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Old 02-26-2023, 08:37 AM   #93233
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Still a non-starter...



I can see the market for this though - folks that camp only in their own state or very close to home, it'd work. Heck, for folks in CT, that one charge would be good enough to go there and back!



And I'm not "waiting" for the next best thing - in my mind that won't be electric. They had electric in the early 1900's and abandoned it then as well, what makes it any better today? Certainly not the battery technology they're using today otherwise we'd have 1,000+ mile ranges.



So let's just say 80% of cars are EV's - guess what's going to happen? The gob't will start instilling all kinds of new taxes on electricity because where are all the road taxes coming from that are currently based on fossil fuels? And think about how many roads will be toll-based, another revenue generator.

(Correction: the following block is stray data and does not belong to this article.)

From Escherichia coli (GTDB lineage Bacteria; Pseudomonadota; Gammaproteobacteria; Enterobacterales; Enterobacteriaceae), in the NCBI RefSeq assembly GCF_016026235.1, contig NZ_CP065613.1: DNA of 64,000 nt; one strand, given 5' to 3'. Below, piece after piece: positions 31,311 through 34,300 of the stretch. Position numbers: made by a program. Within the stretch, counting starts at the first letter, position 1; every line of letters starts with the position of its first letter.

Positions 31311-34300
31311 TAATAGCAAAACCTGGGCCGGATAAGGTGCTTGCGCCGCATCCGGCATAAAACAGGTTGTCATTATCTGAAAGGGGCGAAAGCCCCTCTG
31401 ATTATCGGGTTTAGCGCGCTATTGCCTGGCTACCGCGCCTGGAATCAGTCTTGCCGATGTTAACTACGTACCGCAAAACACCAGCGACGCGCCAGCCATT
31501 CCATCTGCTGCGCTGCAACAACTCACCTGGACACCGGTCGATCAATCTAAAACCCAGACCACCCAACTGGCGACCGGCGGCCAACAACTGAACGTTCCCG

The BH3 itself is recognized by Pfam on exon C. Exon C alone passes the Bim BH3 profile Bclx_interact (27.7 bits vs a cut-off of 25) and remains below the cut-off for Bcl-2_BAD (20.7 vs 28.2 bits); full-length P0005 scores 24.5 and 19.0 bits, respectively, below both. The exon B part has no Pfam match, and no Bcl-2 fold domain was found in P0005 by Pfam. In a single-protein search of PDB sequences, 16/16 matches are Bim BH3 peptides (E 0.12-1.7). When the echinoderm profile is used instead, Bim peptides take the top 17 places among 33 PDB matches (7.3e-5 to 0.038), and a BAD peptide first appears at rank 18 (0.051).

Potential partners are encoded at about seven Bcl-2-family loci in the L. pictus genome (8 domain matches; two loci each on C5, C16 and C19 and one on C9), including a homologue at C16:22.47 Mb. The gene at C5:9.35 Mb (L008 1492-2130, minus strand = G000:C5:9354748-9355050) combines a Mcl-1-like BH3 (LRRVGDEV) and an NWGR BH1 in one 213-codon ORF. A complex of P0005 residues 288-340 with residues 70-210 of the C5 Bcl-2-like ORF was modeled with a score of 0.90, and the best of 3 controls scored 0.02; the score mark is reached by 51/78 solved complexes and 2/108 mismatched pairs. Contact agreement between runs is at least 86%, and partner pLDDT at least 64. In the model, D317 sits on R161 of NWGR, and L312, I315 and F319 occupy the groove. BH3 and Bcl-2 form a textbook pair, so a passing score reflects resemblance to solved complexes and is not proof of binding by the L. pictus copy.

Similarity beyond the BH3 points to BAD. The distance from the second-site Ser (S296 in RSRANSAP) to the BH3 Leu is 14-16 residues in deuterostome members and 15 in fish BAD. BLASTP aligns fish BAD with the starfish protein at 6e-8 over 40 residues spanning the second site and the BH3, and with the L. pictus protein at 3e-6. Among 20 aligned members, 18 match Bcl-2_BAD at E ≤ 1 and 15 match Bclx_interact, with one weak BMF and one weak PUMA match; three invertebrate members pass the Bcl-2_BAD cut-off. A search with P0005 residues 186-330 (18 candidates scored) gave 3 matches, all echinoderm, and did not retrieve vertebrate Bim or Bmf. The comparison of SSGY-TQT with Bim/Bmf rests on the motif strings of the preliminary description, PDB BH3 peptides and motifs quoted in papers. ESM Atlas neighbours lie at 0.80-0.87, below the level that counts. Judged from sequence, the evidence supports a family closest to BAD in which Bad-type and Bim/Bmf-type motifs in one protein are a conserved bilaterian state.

Keep thinking that $5 or less to charge your EV is going to stick. Look at electric heating - costs me, even at todays prices, around $2000 or so in oil fuel to heat my house for an entire year. Last winter, when my furnace was still not installed, it cost me $875 for ONE MONTH of electric heat...no thanks...oh yea, I have 6.5k of solar being generated on sunny days, think that helped much on that $875 bill???



When you start paying $20, $30, $50 and more for those charges in the EVs, folks will realize what wool was pulled over their eyes. It'll be a slow increase until they hit critical mass, then it's hammer time.


Not to mention, what are they going to do with all those batteries when they go bad? Iím all for new technology, but electric vehicles are not the answer. At least not yet
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Old 02-26-2023, 08:56 AM   #93234
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Not to mention, what are they going to do with all those batteries when they go bad? Iím all for new technology, but electric vehicles are not the answer. At least not yet